The day of the exam involves all riders preparing their horse in competition garb and presenting to the FN examiners first for practical examination then for the theory examination. My travel companion Mike wasn’t allowed to translate this time so a wonderful student from the stud’s research institute was brought in to help me. At this stage I have picked up a lot more German - I speak a half German half English mish-mash that the examiners find amusing at best. Almost everything was in Germany throughout the training so I just had to!

I rode for my life in the practical and scored a respectable 63% - not bad on a horse I had ridden just 5 times. We had a few communication errors as expected but some serious highlights in the half pass, counter change of hand (not yet confirmed in this horse) and the medium and extended paces. The theory exam involved dissection of my ride. The things that went well and then working through the issues that need to be resolved. And how I would strategically go about training tomorrow and for the next three months to help the horse gain more confidence in the movements he found difficult.

I passed with flying colours! Happy dance J I have a RA1 Riders Licence that allows me to compete in Germany up to FEI level. And they have asked me to come back and attempt to gain my Gold Medal. What an honour! Also the first Australian to go through the program. I could ride in the studs competition team and aim to achieve 10 wins at PSG and above. Decisions, decisions.....a six month stint in German for the summer competition season??? Definitely worth thinking about.

A huge thank you must go to my wonderful travel buddy, chief organiser and super translator Michael Hoffman. And my super supportive family and staff at Kenzie Park who kept everything running smoothly at home while I was away.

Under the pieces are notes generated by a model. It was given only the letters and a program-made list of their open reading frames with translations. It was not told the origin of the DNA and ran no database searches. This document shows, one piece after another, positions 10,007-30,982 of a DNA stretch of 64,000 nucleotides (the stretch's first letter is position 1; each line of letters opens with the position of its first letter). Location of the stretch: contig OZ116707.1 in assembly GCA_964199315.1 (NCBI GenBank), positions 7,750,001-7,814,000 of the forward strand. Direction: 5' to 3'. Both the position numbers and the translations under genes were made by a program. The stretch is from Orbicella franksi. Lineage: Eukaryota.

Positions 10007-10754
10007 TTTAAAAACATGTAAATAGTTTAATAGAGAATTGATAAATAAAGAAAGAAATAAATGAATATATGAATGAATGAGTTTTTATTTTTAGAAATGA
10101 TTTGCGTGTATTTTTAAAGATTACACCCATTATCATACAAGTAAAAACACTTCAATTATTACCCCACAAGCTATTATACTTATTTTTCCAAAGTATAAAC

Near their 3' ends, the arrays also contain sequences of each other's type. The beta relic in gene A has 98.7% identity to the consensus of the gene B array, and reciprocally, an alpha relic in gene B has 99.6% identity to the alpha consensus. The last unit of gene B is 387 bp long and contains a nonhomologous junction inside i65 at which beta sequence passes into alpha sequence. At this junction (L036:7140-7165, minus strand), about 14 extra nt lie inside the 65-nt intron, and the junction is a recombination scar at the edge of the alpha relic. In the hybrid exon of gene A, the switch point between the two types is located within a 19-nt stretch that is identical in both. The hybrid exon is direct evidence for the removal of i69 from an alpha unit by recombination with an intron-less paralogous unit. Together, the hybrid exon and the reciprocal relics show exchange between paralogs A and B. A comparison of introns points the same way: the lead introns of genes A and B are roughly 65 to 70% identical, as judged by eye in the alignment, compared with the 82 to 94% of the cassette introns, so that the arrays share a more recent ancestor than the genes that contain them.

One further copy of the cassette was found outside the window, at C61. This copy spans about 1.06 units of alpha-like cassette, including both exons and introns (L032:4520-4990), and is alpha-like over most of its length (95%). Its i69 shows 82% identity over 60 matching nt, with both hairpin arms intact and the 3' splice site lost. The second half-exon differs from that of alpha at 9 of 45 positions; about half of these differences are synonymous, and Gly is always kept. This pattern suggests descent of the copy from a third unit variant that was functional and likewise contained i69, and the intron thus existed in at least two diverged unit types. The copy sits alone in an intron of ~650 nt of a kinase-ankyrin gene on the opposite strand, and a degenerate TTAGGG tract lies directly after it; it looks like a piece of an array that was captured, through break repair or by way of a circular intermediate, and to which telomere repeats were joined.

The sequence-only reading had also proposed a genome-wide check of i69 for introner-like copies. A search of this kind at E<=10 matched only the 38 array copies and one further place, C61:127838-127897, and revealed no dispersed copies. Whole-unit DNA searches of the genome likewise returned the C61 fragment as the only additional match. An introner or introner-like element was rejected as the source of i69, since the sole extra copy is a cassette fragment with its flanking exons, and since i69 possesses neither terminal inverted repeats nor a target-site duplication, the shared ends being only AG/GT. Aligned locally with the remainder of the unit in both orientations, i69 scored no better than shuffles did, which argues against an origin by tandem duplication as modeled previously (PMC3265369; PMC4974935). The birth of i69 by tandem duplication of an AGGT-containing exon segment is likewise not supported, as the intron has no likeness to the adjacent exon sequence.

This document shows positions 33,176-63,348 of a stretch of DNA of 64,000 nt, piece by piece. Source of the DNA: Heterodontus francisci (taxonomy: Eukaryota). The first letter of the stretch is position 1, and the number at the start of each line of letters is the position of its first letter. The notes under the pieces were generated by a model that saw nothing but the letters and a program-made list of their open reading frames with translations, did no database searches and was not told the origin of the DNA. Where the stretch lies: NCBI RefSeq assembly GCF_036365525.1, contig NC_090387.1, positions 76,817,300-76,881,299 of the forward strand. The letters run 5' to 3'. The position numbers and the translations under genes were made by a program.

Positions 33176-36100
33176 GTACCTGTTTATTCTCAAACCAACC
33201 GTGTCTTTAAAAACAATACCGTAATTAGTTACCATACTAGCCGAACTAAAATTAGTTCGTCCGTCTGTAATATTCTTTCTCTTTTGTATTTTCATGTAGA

And finally to the amazing coaches and instructors who have shaped my riding over many years, well 30 to be exact. Who taught me German words where an English translation wasn’t appropriate, who made me ride without stirrups and reins and girths, made sure I knew the training scale inside out and always insisted that it was the rider who was in error when things went wrong, never the horse. According to the Germans, you have done a great job.

A trip of a lifetime and a life-changing experience I will never forget.

Steph on Hurzi!

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A little about the Stud......

The Brandenburg State Stud at Neustadt (Dosse)

The stud in Neustadt (Dosse) located in the State of Brandenburg in Germany can proudly look back on 225 years of tradition in horse breeding and training. The history of the stud has always been a lively one and is closely connected with the history of the State of Brandenburg.

The stud in Neustadt is one of very few state studs in Germany that features aHauptgestüt (State Breeding Stud – home of the broodmares) in addition to the traditional Landgestüt (State Stallion Depot – home of the breeding stallions).

About 40 elite mares form the foundation for successful breeding of sport horses. In order to be protected from privatisation the stud has become a foundation under public law in 2001.

The Brandenburg State Stud in Neustadt (Dosse) is one of the biggest in Europe and it forms a centre of sustainable rural development with regional and national impact. The cultural and historical heritage of the stud buildings, erected during the reign of Prussian King Friedrich Wilhelm II in 1788, as well as the high reputation of the stud for horse breeding provide an excellent combination for this

More than horse breeding:

Besides the important impact of breeding, special attention is paid to the performance tests offered for sport horse and pony stallions and mares, preservation of the cultural and historical heritage and tradition and of course preservation of the historic buildings and yards. In addition to horse breeding, activities include the education in the FN-approved riding school, a Riding College offered together with the Neustadt Secondary School, where riding is part of the school curriculum, and tourism as the most important support for rural development.

Located on 400 hectares of pastures, fields and lots of tree-lined avenues with two historic yards (Hauptgestüt and Landgestüt) the stud offers excellent breeding facilities. Horse breeding and the training of the horses have always received a lot of support by the State Government!